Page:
Government Spending by Department.

Tuesday, 06 November 2012

Another great article by the Guardian, illustrating government spending by department.

Relates to spending 2010 to 2011, but gives a great overview of what your tax is spent on.

The biggest single share of you money goes on benefits and pensions. Of which just under half is given to pensioners through the state pension and the rest funds various benefits, most notably housing benefit and disability living allowance and attendance. There's another sizeable chunk of benefits attributed to HM Revenue and Customs as they are delivered as tax allowances.

Next up is the department of health, most notably the NHS, which receives about half as much as goes on benefits and pensions, if you include tax credits and child benefit.

I'm a big supporter of the NHS. I have to be, it's saved my life twice and will do so again in the next few months, but you can't help but note that these two departments represent just under 40% of the tax everyone pays. In some countries comparable spending is zero. Most notably of all, the United States spends virtually nothing on these areas, although it is almost unique in the developed world in doing so; it goes a long way to explain the tax differences between Europe and the United States.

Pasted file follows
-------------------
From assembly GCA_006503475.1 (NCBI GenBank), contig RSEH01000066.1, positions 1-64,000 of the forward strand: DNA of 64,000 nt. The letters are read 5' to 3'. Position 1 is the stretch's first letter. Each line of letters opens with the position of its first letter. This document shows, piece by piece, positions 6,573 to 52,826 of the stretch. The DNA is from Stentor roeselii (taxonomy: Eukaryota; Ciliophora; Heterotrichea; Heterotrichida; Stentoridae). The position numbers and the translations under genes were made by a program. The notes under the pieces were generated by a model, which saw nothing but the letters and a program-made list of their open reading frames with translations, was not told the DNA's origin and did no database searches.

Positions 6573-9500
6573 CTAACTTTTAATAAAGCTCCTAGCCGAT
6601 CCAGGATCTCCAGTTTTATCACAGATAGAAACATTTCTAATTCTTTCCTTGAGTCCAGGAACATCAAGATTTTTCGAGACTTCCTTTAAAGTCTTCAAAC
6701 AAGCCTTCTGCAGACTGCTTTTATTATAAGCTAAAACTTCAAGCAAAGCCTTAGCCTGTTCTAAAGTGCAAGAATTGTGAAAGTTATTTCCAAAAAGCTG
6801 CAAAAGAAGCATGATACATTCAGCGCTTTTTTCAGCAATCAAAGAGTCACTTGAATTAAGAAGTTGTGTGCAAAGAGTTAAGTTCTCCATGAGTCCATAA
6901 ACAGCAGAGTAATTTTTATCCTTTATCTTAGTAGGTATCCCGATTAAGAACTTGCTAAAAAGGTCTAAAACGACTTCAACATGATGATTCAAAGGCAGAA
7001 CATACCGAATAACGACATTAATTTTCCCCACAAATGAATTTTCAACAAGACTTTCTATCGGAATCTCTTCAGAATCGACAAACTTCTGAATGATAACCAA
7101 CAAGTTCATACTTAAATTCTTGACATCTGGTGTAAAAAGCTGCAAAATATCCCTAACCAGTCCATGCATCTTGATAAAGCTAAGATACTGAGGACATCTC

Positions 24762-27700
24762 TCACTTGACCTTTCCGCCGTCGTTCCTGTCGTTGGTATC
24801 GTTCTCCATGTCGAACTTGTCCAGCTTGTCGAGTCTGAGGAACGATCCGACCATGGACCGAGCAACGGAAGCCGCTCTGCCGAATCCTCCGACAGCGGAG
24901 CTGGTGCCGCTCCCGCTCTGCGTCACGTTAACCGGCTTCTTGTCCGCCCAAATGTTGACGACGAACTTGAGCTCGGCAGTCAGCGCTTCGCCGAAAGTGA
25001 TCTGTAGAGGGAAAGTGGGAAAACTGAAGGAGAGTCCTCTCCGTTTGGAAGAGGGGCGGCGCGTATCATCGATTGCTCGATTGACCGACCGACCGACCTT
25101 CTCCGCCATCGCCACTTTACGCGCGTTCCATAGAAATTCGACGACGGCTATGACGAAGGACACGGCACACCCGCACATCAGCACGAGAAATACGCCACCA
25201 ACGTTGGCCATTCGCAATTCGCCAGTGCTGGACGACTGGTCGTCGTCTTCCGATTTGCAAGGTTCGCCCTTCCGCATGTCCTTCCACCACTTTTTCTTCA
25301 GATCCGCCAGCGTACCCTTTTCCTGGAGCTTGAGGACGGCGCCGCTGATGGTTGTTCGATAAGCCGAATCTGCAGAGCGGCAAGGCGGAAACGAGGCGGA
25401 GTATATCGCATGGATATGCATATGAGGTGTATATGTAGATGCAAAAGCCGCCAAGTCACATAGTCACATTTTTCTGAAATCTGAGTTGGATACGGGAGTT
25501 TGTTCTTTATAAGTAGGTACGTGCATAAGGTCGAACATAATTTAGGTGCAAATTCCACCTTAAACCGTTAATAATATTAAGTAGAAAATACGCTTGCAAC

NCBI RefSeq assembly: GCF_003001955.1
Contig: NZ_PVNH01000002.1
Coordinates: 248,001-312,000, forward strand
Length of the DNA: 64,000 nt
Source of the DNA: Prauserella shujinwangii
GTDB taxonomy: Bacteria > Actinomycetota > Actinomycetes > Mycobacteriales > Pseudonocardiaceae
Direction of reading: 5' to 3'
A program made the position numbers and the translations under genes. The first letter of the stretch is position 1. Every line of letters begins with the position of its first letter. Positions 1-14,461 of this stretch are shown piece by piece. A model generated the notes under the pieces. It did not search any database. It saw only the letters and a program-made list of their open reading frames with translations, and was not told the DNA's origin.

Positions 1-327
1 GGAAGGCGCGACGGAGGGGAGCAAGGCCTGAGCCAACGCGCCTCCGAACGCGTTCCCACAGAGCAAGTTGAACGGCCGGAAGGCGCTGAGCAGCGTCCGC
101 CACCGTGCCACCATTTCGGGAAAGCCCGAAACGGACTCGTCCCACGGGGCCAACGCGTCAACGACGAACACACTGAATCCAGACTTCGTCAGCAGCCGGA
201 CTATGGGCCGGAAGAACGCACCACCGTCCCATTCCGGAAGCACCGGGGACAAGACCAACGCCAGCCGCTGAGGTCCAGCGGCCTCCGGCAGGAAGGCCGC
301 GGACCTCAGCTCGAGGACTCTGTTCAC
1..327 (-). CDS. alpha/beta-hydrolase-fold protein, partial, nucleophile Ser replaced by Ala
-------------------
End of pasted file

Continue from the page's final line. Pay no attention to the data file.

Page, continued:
Education receives about half what is spent on the health.

Defence and local government, receive budgets about a third less than education. And Scotland receives additional funds of about the same amount as defence and local government.

Justice, transport, Wales, culture, business development, the Home Office, climate change, and international development are the other key cost centres, but are relative minnows compared to those previously mentioned, receiving about a sixth of what is spent on education.

Interest repayments cost almost as much as the entire education budget and way more than the defence budget.

For a much bigger graphic and a lot more analysis please see the full article in the external links.